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Federal Reserve pushes interest rates above 5% for first time since 2007

The Federal Reserve raised the target range for its benchmark interest rate by 0.25% on Wednesday while leaving its options open on future rate hikes.

The central bank's move pushed its benchmark policy rate, the fed funds rate, to a new range of 5%-5.25%, the highest since September 2007. The Fed said future rate hikes would be contingent on the impact of previous rate hikes on the economy and financial developments.

Fed officials still view inflation as elevated, and note that they remain "highly attentive" to inflation risks.

As part of its most aggressive rate hiking campaign since the 1980s, the US central bank has increased the target range for its benchmark interest rate by 5 percentage points since March 2022. Wednesday's decision was unanimous among voting members of the Federal Open Market Committee (FOMC), the Fed committee that decides on policy.

Fed Chair Jay Powell began his press conference on Wednesday with a discussion of the latest developments in the ongoing bank crisis, which last week saw the FDIC broker a sale of First Republic (FRC) to JPMorgan (JPM).

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Powell said "conditions in that sector have broadly improved since early March, and the US banking system is sound and resilient."

At least twice during Wednesday's press conference, Powell pointed to the "meaningful" change in the Fed's statement that swapped in language about the Fed determining "the extent to which" it may need to raise rates; previously, the Fed said it had "anticipated" future rate hikes.

Still, Powell sought to maintain flexibility on future policy decisions, saying: "A decision on a pause was not made today." Powell did say that among members of the FOMC "there's a sense that we're...much closer to the end of this than the beginning."

Jay Bryson, an economist at Wells Fargo, wrote in a note on Wednesday the Fed's decision could be termed a "hawkish pause."

"The Committee could indeed hike rates by 25 [basis points] on June 14, but that decision will depend crucially on incoming data over the next six weeks," Bryson wrote. "In our view, the bar to a rate hike on June 14 is higher than it has been at past meetings since March 2022."

Asked about the possibility of cutting interest rates, Powell said the central bank's view suggests "inflation [is] going to come down not so quickly. It will take some time. And in that world, if that forecast is broadly right, it would not be appropriate to cut rates."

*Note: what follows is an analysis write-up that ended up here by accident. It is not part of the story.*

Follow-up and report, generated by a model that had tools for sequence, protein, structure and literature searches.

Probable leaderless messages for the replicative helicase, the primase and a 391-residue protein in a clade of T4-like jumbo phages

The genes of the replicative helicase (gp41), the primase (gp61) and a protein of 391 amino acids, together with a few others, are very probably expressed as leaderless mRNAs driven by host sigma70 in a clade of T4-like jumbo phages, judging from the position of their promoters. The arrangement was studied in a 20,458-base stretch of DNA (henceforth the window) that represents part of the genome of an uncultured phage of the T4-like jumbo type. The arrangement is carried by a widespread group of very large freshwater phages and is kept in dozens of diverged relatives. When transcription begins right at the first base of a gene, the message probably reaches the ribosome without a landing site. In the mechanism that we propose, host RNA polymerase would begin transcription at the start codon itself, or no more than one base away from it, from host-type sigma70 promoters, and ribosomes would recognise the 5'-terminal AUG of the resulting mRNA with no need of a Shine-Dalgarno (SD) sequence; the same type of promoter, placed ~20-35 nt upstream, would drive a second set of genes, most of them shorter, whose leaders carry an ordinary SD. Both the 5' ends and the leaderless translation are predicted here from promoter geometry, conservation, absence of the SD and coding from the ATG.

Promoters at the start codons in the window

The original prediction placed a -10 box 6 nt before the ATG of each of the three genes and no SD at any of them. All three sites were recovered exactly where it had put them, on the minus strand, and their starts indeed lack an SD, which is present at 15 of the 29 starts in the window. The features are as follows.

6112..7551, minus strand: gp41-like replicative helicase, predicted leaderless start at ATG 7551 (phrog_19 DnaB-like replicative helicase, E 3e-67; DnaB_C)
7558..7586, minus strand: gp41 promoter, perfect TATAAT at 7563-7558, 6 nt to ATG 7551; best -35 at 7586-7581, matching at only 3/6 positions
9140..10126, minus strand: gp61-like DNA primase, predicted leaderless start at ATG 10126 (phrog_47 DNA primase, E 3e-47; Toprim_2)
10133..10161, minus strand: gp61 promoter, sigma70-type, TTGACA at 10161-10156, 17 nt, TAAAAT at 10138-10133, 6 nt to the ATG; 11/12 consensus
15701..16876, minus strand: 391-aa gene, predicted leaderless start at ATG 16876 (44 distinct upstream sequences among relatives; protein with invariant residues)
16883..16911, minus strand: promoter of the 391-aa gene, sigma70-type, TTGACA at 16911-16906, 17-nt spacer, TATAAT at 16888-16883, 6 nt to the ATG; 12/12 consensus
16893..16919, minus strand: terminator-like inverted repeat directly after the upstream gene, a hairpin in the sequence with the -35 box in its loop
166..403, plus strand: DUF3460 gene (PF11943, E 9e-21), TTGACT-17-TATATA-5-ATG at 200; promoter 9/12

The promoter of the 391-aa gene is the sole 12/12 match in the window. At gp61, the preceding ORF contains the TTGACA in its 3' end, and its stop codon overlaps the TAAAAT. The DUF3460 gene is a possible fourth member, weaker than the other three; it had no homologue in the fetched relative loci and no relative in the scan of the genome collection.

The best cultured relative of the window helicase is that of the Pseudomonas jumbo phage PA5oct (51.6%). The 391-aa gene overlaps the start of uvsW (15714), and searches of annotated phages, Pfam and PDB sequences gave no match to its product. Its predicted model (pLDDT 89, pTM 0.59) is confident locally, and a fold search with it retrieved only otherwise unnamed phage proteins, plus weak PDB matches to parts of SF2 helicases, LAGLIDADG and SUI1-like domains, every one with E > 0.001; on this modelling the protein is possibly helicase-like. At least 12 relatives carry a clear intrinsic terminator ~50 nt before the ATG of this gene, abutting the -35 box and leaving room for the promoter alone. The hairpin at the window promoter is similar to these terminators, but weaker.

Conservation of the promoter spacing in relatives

Federal Reserve Board Chair Jerome Powell speaks during a news conference at the Federal Reserve in Washington, DC, on May 3, 2023. - The Fed has been on an aggressive campaign of interest-rate hikes since March last year, rapidly raising rates to help target high inflation, which remains above its long-term target of two percent. (Photo by SAUL LOEB / AFP) (Photo by SAUL LOEB/AFP via Getty Images)
Federal Reserve Board Chair Jerome Powell speaks during a news conference at the Federal Reserve in Washington, DC, on May 3, 2023. (Photo by SAUL LOEB/AFP via Getty Images) (SAUL LOEB via Getty Images)

In Wednesday's statement, the Fed said, "in determining the extent to which additional policy firming may be appropriate to return inflation to 2% over time, the committee will take into account the cumulative tightening of monetary policy, the lags with which monetary policy affects economic activity and inflation, and economic an financial developments."

This language replaces the Fed's framing back in March, which had said the central bank, "anticipates that some additional policy firming may be appropriate in order to attain a stance of monetary policy that is sufficiently restrictive to return inflation to 2 percent over time."

The Fed noted that tighter credit conditions for households and businesses are likely to weigh on the economy, hiring, and inflation, though the extent of these effects remains uncertain.

The fed funds rate target range lines up with officials' interest rate projections released at the March policy meeting which saw rates peaking in a range of 5%-5.25% and remaining at that level through the balance of the year.

Asked about the impending debt ceiling standoff between the White House and Congress, Powell said that while these are matters for fiscal authorities "nobody should assume that the Fed can protect the economy from the short or long term effects of a failure to pay our bills on time."

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